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Highlights

GAO reviewed the effectiveness of the Bureau of Alcohol, Tobacco and Firearms (BATF) and the Internal Revenue Service (IRS) in imposing occupational excise taxes on businesses and individuals in the alcohol, wagering, and firearms industries.

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Recommendations

Matter for Congressional Consideration

Matter Status Comments
An incentive exists for individuals to obtain National Firearms Act (NFA) dealer status to avoid the per-weapon transfer tax. Whether the incentive is reduced or eliminated is a policy issue Congress may wish to address.
Closed - Not Implemented
Due to the sensitivity of the issue and strong opposition from the National Rifle Association lobby, congressional action is unlikely in the near future.
Congress should consider any effect repeal of the taxes might have on BATF criminal enforcement efforts.
Closed - Not Implemented
Congress has no immediate plans to act on this recommendation. BATF, incidentally, opposes the repeal of these taxes.
If Congress chooses not to repeal the alcohol occupational taxes, it may wish to consider legislation to improve compliance.
Closed - Implemented
Congress appropriated an additional $500,000 and authorized an additional 86 positions for BATF to expand its enforcement efforts and improve taxpayers' compliance.

Recommendations for Executive Action

Agency Affected Recommendation Status
Bureau of Alcohol, Tobacco, and Firearms The Director, BATF, should identify for follow-up potentially noncompliant retail alcohol establishments by arranging for IRS to match occupational tax payment data with businesses classified under selected principal industry activity (PIA) codes.
Closed - Implemented
BATF asked IRS to perform an automated comparison of a limited number of PIA codes against IRS database special occupational taxpayers. This comparison was completed in November 1986. Results were analyzed and BATF decided that PIA codes were unworkable, therefore, it went to the states and obtained a listing of licenses issued. This listing will be matched with the one showing paid taxes.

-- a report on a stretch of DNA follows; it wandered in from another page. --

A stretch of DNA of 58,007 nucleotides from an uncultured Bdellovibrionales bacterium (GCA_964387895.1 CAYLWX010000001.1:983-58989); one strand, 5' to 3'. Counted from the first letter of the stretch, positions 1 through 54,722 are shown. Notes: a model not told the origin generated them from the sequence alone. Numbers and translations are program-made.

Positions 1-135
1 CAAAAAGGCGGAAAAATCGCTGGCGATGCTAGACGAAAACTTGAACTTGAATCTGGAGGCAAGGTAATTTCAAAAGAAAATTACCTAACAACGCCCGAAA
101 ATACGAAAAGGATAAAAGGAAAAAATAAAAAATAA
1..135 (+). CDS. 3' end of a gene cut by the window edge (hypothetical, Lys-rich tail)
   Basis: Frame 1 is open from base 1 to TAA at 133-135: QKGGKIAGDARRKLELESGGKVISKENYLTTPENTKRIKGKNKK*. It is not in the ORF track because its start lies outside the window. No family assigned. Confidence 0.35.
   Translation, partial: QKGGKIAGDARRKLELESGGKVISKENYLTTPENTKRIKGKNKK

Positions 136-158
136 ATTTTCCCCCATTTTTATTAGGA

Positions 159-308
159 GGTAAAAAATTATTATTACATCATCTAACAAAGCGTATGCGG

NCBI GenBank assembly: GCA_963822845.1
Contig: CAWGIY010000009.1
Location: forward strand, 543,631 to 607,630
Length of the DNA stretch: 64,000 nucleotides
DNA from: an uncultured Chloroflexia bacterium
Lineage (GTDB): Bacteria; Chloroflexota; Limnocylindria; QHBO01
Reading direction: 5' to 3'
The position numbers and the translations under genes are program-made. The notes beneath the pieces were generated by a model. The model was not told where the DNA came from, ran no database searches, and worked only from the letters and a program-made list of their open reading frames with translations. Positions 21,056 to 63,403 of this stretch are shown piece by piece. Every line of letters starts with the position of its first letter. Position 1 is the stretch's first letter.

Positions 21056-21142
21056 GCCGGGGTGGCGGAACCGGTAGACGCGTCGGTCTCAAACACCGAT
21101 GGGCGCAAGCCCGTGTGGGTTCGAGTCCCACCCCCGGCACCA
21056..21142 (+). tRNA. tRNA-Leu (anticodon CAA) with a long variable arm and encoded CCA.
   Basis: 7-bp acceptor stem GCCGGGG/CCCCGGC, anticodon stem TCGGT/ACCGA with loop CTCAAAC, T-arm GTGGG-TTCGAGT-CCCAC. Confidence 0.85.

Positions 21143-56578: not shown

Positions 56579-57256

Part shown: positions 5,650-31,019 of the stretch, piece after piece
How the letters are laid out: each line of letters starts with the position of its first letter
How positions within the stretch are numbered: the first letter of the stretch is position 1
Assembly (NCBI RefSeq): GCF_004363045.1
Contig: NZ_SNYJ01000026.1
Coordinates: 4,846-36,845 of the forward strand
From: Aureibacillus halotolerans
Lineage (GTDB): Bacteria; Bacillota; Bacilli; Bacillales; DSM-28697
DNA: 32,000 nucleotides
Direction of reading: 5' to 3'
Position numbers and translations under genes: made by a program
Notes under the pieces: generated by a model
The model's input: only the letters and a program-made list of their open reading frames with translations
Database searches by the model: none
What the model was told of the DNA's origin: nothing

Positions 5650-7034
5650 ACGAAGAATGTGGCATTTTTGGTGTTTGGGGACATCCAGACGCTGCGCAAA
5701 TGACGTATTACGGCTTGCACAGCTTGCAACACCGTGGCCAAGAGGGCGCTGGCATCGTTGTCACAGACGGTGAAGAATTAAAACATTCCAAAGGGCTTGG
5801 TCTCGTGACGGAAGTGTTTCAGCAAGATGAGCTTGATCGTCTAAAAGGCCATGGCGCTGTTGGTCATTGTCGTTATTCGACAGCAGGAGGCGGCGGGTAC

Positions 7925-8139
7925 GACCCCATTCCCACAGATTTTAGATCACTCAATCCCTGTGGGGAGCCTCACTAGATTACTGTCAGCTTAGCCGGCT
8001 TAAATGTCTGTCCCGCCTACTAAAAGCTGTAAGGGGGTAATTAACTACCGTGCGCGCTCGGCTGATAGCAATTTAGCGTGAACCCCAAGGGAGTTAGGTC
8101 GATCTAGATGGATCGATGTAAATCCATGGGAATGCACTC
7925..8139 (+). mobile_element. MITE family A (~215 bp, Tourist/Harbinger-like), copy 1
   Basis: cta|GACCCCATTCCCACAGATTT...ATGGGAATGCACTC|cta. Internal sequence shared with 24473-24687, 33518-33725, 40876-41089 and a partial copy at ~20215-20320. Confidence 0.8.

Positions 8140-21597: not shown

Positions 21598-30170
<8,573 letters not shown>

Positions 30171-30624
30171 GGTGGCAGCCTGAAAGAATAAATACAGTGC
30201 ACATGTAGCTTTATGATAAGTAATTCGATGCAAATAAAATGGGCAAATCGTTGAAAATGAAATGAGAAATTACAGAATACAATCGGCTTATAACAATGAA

Bureau of Alcohol, Tobacco, and Firearms The Director, BATF, should arrange for state and local alcoholic beverage licensing agencies to provide BATF with the names of new licensees and advise the licensees by telephone or correspondence of their federal tax liabilities.
Closed - Implemented
BATF took action to obtain new license information to identify businesses which may be liable for federal tax. Any mismatches will be allocated between BATF and the states for follow-up purposes. BATF determined that this action was responsive to the recommendation and, therefore, the recommendation was closed.
Internal Revenue Service The Commissioner of Internal Revenue should obtain gambling license data from the states where gambling activities subject to the wagering taxes are authorized, and match it with the yearly occupational tax payment records and the tax on gross-wagers payment records to identify noncompliant taxpayers for follow-up potential.
Closed - Not Implemented